The governing theme of the Montreal Baroque Festival this year was sprezzatura, an Italian word defined as nicely-calibrated nonchalance by Baldassare Castiglione in his Book of the Courtier (1528). The choice allowed for a preponderance of Italian repertoire, a concentration on venues in Little Italy, a philosophical attitude toward late starts and, on Sunday, the spectacle of co-artistic directors Susie Napper and Matthias Maute locking arms on the stage of the Théâtre Le Chateau, each with a glass of wine, and thanking the various collaborators who made the 17th edition possible.
“Concert” would not quite do justice to the show, titled Il Cortegiano, that followed. As well as vocal and instrumental selections, we had period dance and a little fencing presented in a dramatic framework that cast the five members of the (vocal) Ensemble Alkemia as easy-going, cellphone-consulting hipsters and the multi-talented actor Renaud Paradis as a comic master of ceremonies who reads prescriptions from the aforementioned Renaissance handbook and is then required, with generally amusing results, to practise what he preaches.
All the fun would have been of no avail without high performance standards. There was nothing slipshod about the singing in robust 16th-century Italian madrigals by Girolamo Conversi and Andrea Gabrieli or earlier, more austere Flemish numbers by Josquin des Prez and Guillaume Dufay. Polyphony was clear and equitable. Soprano Dorothéa Ventura provided a burnished top. Tenor Philippe Gagné was an expressive advocate of a monody by Giulio Caccini, who was, according to the program, the first composer to invoke sprezzatura as a performance virtue in music. Even Paradis (who sometimes joined the Alkemians) had a modest solo, reportedly derived from a bas-relief at the ducal palace of Urbino (the court profiled in Book of the Courtier).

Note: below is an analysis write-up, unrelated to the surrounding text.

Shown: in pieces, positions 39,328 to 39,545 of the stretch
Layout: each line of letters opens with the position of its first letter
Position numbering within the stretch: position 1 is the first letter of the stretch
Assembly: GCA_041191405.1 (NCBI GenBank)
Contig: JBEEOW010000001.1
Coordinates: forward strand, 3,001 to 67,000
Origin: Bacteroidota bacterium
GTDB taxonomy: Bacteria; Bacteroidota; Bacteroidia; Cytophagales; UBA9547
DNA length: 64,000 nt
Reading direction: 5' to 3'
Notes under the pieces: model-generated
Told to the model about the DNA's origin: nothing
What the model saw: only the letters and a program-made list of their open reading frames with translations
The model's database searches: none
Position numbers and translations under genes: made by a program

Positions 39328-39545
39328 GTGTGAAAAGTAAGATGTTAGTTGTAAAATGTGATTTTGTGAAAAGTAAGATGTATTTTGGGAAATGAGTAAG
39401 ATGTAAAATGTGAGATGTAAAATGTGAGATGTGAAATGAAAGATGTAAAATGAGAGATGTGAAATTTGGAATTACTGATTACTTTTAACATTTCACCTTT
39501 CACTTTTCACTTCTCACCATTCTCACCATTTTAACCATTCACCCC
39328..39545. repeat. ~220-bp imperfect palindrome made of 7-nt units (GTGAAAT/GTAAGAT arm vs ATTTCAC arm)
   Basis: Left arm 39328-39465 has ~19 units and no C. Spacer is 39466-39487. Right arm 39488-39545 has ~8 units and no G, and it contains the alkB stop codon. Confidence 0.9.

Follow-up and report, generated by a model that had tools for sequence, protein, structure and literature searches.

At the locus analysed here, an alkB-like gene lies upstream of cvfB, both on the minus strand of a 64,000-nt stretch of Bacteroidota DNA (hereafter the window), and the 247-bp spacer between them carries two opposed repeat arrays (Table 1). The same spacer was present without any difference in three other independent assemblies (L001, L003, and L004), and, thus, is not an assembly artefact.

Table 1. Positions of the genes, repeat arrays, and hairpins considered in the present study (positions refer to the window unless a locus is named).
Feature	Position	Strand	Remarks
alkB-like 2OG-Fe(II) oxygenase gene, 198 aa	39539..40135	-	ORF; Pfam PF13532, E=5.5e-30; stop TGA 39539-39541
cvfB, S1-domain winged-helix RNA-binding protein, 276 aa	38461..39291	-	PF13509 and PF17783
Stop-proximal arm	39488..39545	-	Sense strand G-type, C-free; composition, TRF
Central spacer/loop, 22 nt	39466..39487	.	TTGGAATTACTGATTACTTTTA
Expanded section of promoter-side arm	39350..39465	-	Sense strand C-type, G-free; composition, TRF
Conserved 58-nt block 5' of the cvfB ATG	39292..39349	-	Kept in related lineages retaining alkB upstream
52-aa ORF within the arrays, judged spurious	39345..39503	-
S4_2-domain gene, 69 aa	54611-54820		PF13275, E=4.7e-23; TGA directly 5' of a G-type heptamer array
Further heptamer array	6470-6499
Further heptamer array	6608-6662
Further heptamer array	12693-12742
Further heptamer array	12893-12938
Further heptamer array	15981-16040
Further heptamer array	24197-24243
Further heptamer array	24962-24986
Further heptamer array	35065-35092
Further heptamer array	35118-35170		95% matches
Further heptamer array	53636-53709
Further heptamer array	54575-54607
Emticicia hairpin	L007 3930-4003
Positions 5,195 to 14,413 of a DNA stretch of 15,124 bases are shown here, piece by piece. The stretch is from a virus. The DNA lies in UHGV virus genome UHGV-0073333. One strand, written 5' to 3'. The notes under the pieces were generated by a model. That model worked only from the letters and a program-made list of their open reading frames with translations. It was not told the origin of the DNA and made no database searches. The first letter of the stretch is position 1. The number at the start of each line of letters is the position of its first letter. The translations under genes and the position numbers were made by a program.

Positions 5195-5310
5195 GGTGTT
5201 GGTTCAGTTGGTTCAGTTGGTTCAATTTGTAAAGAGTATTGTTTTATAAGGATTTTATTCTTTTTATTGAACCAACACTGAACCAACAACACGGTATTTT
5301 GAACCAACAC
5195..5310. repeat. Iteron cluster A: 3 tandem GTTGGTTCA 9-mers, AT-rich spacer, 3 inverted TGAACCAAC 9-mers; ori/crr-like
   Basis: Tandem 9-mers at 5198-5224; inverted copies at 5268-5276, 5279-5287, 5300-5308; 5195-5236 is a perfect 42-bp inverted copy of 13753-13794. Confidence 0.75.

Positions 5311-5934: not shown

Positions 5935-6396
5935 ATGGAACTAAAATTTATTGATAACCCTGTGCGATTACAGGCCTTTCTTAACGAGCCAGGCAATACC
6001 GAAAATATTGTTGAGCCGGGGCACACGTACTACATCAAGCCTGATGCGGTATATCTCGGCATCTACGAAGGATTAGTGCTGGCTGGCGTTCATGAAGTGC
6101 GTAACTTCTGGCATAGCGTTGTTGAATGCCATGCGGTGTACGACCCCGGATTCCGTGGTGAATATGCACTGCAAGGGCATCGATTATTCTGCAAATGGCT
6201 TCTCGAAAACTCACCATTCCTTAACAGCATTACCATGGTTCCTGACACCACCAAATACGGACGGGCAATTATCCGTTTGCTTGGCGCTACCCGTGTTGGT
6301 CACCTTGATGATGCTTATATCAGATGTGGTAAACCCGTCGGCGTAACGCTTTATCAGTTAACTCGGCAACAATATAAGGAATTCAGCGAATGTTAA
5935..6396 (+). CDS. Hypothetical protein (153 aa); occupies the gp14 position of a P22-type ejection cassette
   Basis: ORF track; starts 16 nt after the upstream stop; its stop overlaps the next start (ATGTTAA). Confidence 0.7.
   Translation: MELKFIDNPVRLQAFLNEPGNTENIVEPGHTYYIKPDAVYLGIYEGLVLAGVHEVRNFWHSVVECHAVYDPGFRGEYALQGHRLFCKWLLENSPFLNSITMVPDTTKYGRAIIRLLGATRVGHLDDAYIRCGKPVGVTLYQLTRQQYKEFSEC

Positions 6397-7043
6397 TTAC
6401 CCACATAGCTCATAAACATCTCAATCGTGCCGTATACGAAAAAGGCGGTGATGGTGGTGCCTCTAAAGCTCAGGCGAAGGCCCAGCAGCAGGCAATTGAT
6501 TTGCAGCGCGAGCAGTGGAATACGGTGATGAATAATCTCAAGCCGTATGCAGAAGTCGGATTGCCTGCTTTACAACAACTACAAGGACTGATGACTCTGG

The singers in causal garb often ignored the fourth wall of this classic proscenium theatre by hanging around on (or in front of) the apron. The costumed and formal dancing of Les Jardins choréographiques made for an agreeable contrast. An onstage group comprising three recorders from Flûte Alors! and five members of the Bande Montréal Baroque (including a harp rather than a harpsichord) provided spirited backup. Vincent Lauzer of the former group sounded so pure and articulated so beautifully he was almost a problem. Margaret Little traded her bass viola da gamba for a treble instrument to play a cover of the late-medieval setting of O rosa bella by Johannes Ciconia.
This pleasant miscellany, heartily applauded by MBF devotees, drew attention to the surprising acoustics of this handsome 1931 Art Deco movie palace near the Jean Talon Market. One would never suppose unamplified sounds could be projected clearly from a stage so heavily laden with drapery. A little restoration would make Le Chateau a worthy space for music.
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